The Darkness and the Clearness: Theological and Psychological Implications of Sin and Grace
Riedel, Jonathan David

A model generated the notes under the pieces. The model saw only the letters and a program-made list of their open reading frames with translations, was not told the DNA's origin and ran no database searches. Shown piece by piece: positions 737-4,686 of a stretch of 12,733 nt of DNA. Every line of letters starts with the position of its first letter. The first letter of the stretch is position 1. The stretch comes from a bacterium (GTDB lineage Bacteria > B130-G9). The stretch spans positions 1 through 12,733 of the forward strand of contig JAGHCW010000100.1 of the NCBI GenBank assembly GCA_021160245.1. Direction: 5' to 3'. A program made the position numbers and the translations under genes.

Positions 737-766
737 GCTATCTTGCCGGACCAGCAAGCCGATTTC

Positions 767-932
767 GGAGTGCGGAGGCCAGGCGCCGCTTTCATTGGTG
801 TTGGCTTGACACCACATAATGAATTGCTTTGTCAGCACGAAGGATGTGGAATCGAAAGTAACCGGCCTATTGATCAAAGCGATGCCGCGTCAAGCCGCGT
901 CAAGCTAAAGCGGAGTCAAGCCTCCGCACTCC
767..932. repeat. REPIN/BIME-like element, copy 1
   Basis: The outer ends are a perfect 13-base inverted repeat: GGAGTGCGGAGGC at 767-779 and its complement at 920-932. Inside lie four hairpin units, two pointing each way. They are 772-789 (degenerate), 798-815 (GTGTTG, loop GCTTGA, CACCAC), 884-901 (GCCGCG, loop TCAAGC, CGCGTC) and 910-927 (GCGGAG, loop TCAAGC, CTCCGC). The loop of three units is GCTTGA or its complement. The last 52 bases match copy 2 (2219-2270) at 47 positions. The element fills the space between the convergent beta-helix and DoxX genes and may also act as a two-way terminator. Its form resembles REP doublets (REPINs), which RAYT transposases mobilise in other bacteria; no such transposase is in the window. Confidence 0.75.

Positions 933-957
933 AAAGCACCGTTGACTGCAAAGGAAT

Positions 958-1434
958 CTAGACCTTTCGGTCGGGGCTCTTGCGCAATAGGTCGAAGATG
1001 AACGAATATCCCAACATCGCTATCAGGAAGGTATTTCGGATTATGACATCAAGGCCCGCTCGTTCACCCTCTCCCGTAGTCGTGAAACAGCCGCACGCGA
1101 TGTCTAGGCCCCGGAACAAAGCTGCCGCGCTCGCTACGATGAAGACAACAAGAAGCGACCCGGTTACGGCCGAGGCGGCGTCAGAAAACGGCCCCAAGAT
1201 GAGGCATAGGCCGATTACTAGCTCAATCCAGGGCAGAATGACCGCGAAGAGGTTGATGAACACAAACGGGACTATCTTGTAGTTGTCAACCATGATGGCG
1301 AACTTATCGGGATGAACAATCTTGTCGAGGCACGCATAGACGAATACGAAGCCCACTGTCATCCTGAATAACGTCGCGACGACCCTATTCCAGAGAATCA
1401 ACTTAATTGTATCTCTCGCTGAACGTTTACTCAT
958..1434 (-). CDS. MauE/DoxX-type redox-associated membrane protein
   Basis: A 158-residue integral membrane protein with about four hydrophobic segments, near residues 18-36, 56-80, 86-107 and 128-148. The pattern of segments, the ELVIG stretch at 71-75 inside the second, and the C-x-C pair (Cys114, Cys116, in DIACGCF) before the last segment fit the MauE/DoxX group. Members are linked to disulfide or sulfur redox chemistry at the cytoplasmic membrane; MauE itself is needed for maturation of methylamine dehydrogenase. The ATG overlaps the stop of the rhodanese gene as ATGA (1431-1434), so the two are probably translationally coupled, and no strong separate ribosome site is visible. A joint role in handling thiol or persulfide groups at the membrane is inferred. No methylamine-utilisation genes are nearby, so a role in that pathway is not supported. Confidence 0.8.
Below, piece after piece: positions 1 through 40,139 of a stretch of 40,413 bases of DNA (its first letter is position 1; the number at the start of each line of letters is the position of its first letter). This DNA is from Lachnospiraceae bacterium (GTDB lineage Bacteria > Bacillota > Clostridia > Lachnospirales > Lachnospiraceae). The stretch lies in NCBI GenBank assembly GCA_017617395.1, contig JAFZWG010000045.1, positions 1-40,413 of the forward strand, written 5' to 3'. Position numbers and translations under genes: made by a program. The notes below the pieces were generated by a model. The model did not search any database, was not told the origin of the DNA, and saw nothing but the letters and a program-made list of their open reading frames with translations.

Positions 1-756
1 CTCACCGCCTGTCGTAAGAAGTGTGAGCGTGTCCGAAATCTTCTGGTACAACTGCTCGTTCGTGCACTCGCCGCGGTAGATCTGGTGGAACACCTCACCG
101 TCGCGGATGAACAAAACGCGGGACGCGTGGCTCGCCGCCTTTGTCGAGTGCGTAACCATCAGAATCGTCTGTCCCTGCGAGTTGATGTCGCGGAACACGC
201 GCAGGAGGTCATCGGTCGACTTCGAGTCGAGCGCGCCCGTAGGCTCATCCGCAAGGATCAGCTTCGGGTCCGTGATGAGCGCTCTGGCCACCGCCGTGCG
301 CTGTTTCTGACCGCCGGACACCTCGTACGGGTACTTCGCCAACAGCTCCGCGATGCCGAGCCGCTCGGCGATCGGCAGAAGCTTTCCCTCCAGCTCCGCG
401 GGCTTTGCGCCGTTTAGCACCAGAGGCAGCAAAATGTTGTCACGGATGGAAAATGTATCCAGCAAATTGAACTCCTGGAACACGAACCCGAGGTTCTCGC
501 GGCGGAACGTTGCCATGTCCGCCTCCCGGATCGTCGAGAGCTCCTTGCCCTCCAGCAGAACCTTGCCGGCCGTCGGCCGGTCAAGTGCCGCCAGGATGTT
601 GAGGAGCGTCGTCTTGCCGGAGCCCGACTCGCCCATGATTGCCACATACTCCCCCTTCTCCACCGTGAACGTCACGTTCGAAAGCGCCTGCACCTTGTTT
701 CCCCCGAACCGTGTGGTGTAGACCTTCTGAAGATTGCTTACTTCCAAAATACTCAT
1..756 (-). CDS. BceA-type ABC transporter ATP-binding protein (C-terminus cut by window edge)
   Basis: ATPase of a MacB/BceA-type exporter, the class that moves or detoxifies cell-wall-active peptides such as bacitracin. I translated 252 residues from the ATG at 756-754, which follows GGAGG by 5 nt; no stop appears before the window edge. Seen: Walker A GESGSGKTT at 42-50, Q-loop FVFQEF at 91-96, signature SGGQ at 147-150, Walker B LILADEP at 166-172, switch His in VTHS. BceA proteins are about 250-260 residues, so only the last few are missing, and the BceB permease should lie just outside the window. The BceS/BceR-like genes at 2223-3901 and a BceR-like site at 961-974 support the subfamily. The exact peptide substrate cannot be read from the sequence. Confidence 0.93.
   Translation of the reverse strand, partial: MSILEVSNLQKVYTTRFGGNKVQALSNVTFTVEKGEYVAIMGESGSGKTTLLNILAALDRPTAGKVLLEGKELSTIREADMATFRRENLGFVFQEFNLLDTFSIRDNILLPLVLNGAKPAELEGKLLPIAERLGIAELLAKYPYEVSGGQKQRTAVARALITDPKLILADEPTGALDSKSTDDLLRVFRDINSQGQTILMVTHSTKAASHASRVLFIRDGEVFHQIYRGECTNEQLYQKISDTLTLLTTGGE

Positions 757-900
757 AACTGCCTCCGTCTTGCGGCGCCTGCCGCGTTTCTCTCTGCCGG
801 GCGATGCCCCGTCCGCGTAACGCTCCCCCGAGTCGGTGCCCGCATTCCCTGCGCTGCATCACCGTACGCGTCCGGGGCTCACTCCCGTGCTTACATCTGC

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If we wish to understand life we must ask questions, questions that reflect an avoidance of easy answers or convenient moralizing, particularly if the questions have to do with the health and the disease of the human condition. These are questions that touch the heart of all serious students of human experience. As a student of both psychology and religion, two of these questions have bothered me and these questions will serve as the heart of this paper. "Why does humankind, whose considerable creative and adaptive abilities could potentially reconcile and solve both its personal and global fissures and attain some degree of peaceful wholeness, so often seem inextricably mired in processes that lead to the destruction of both the quality and the quantity of its creative life and sap its strength? Why does human smallness seem to overshadow human greatness)which comes with growth and creativity?" The second questions is, "Is humankind capable of solving this dilemma, or must it depend upon forces much more knowledgeable and powerful than itself?" These are existential questions because our answers to these questions determine how we lead our lives, these are questions of interest to both psychologists and theologians, and finally, these are questions that are religiously expressed in the Christian concepts of 'sin' and 'grace', two concepts which have both psychological and theological applications.